Advanced Growth Hacking Guide: How To Grow Your SAAS Startup

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There are hundreds of thousands of aspiring entrepreneurs with really good business ideas. From those ideas, only a few grow into a company.  

SaaS or short for Software-as-a-Service describes a software model where the cloud-based system is licensed and is centrally hosted. 

As every startup founder is looking for ways to catapult its business to success, SaaS business owners are also looking for strategies that can help them grow and ensure they don’t vanish in the competitive market.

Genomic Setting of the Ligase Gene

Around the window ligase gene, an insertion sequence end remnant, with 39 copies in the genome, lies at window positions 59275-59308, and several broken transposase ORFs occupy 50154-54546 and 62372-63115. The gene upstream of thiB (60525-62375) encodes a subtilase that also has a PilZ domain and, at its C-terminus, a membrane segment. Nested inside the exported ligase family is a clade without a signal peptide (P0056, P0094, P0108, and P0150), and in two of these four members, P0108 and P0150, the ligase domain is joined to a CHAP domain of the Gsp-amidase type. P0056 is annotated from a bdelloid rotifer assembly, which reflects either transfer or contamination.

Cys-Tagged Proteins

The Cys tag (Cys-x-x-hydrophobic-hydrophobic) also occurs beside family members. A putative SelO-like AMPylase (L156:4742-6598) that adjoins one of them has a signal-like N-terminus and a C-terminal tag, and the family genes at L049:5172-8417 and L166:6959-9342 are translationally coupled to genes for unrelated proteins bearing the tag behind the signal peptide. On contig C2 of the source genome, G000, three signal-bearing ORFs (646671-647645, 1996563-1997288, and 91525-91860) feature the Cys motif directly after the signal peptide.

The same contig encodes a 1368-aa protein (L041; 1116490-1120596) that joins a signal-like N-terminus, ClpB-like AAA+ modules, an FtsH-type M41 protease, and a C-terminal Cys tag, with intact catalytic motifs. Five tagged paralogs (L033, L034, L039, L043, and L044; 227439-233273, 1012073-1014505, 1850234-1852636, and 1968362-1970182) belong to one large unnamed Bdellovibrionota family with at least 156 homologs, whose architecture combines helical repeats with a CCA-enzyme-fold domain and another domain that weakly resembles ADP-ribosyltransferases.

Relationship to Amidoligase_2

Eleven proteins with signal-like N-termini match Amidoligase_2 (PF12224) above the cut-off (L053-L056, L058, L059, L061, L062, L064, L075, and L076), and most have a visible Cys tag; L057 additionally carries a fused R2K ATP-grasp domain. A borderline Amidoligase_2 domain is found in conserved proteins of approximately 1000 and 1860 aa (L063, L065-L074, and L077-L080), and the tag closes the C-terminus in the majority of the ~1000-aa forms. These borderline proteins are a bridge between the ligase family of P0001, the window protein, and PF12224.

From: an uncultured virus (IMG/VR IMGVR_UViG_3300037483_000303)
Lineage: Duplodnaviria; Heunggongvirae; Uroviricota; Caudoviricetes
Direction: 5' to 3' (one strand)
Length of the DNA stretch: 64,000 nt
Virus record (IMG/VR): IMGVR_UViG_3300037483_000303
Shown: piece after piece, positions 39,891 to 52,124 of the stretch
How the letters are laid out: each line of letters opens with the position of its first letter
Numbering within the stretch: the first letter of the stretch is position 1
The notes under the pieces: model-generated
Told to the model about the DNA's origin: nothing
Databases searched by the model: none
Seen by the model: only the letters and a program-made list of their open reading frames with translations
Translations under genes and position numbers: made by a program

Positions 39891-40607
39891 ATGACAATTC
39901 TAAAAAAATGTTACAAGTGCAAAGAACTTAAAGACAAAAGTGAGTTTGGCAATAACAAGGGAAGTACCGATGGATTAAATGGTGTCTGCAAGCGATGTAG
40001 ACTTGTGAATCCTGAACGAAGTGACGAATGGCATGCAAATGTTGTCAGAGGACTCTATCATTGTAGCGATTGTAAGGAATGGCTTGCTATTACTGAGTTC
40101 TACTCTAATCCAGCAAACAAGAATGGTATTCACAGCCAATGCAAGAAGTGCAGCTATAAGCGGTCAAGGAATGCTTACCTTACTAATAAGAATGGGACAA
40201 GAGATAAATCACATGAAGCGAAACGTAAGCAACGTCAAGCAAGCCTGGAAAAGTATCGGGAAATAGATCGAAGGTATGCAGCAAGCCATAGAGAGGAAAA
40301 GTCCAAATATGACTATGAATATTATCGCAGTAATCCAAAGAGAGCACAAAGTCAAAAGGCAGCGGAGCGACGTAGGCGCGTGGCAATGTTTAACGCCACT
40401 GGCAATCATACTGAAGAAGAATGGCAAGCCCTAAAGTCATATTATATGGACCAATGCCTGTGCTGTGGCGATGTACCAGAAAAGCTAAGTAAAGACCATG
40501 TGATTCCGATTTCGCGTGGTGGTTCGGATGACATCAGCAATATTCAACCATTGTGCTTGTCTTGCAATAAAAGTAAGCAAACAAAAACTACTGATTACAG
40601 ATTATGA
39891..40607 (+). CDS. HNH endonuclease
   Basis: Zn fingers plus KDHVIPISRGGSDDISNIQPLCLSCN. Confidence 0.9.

With that in mind, we are going to present a few growth strategies to try. Ready to grow your SAAS startup?  

Let’s do this: 

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1. Identify Your SAAS StartupTarget Market 

Knowing who your potential customers are, their needs, and what encourages them to purchase is crucial for defining your target audience. 

As a marketer or business owners, you don’t have all the resources to market your brand to everyone. You need to segment your most important customers – people who are likely to purchase, people who make repeat purchases, and people who are likely to spend a higher amount – as your target group. 

This is what will make your SaaS business grow faster without increasing your marketing budget. 

You can spend your audience based on:

  • Geographic: Region, country, climate. 
  • Demographic: Gender, age, education, family size, ethnicity, and other indicators. 
  • Psychographic: Lifestyle, values, motivations, habits, and etc.